What Bert Has To Say About Asheville Metro Area
Asheville lies at the foot of the Great Smoky Mountains, the highest portion of the Appalachian Range. The town is an eastern equivalent of the many mountain resort towns that dot the American west, particularly in the Rocky Mountains. Originally settled in the 1850’s as a health resort, Asheville has an interesting history- in the late 1800’s and especially the 1920’s the area was a popular retreat for wealthy vacationers, including eight presidents and many well-known industrialists. Today the area has an active economy and serves both as a getaway from summer heat in the nearby lowlands and as a travel destination for many in east coast cities.
Although there is some manufacturing, led by GE lighting systems, the economy is largely supported by hospitality, education and health care. The area attracts educated young professionals, artisans and active retirees. The attractive downtown offers a mix of modern and Art-Deco buildings and an assortment of trendy restaurants and live-entertainment venues. There are several resorts and planned communities surrounding the city and especially to the north and west. The city has controlled urban sprawl better than many of its type. At most times of the year, except winter, tourists can make the area feel crowded. Because of its inland location and higher elevation, the area sees considerably more below-freezing weather than nearby regions. Overall, the area scores well in most categories with no major downsides.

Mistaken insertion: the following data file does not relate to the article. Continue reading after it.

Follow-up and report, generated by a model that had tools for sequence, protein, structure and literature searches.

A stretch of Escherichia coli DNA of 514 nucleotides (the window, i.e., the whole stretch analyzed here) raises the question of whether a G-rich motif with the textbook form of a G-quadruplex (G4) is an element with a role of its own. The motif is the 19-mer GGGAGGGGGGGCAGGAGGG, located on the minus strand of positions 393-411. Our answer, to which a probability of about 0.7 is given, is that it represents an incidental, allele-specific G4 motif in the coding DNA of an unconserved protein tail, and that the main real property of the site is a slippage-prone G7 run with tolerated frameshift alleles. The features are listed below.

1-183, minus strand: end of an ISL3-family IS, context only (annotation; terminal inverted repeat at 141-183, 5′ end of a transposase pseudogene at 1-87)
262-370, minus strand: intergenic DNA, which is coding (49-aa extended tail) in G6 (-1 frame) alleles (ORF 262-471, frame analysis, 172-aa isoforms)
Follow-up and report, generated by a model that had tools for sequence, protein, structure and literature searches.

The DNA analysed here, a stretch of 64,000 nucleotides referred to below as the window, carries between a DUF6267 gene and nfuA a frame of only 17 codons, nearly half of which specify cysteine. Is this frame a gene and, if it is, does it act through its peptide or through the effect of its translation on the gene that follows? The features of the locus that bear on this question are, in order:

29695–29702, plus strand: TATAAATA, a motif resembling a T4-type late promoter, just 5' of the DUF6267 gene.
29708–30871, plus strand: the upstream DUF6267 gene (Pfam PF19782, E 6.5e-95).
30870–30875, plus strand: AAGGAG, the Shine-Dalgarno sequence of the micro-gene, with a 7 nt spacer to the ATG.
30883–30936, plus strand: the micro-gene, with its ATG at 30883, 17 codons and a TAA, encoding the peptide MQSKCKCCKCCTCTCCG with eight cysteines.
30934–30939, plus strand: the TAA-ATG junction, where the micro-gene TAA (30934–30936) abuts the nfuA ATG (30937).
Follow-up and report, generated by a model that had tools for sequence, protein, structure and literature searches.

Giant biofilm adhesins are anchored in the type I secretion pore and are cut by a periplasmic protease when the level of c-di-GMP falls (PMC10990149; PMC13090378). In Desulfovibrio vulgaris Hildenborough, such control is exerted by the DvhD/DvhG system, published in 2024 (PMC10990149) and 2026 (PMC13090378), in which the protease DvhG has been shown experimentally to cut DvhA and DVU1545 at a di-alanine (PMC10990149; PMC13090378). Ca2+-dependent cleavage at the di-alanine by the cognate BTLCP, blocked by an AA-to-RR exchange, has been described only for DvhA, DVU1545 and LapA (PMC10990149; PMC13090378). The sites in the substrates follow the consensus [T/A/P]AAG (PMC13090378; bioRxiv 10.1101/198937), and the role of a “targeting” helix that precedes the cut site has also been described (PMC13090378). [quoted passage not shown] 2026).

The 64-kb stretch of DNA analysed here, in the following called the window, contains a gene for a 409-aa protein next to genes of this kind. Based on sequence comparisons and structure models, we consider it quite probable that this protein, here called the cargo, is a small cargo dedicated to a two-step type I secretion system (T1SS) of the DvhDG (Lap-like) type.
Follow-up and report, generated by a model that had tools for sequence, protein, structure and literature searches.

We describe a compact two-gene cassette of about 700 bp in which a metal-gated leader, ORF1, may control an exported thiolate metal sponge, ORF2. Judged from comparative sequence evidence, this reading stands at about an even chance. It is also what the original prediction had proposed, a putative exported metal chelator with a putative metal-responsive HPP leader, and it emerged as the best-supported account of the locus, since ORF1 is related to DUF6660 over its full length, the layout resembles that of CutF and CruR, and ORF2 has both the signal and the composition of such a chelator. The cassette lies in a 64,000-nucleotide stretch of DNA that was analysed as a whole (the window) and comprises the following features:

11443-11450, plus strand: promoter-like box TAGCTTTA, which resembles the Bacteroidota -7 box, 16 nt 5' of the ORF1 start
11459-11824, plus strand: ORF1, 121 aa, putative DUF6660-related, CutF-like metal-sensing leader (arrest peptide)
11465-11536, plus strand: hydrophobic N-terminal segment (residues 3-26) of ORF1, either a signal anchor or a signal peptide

The city of Asheville sprawls along both banks of the French Broad River, near the center of the French Broad Basin. Mountain ridges to the east and west flank the entire valley with peaks from 2,000 feet to 4,400 feet above the valley floor. At the Carolina–Tennessee border, 25 miles northwest, the relatively high Appalachian/Great Smoky Mountain ridge blocks the northern end of the valley. The Blue Ridge rises about 30 miles south. Mixed vegetation grows in the valley, with densely wooded foothills and mountains surrounding the city, particularly to the north and west. The invigorating climate offers considerable temperature variation from day to day in all seasons. Summers are warm and humid, but the elevation and nearby mountains cause some cooling, particularly in the evenings. The high mountains to the northwest block precipitation and cold fronts in the winter. Precipitation in Asheville, particularly northwest of the immediate city, is the lowest in North Carolina. Significant snowfall is uncommon. Heavy Gulf rains can cause flooding in the river valley. First freeze is late October, last is mid-April.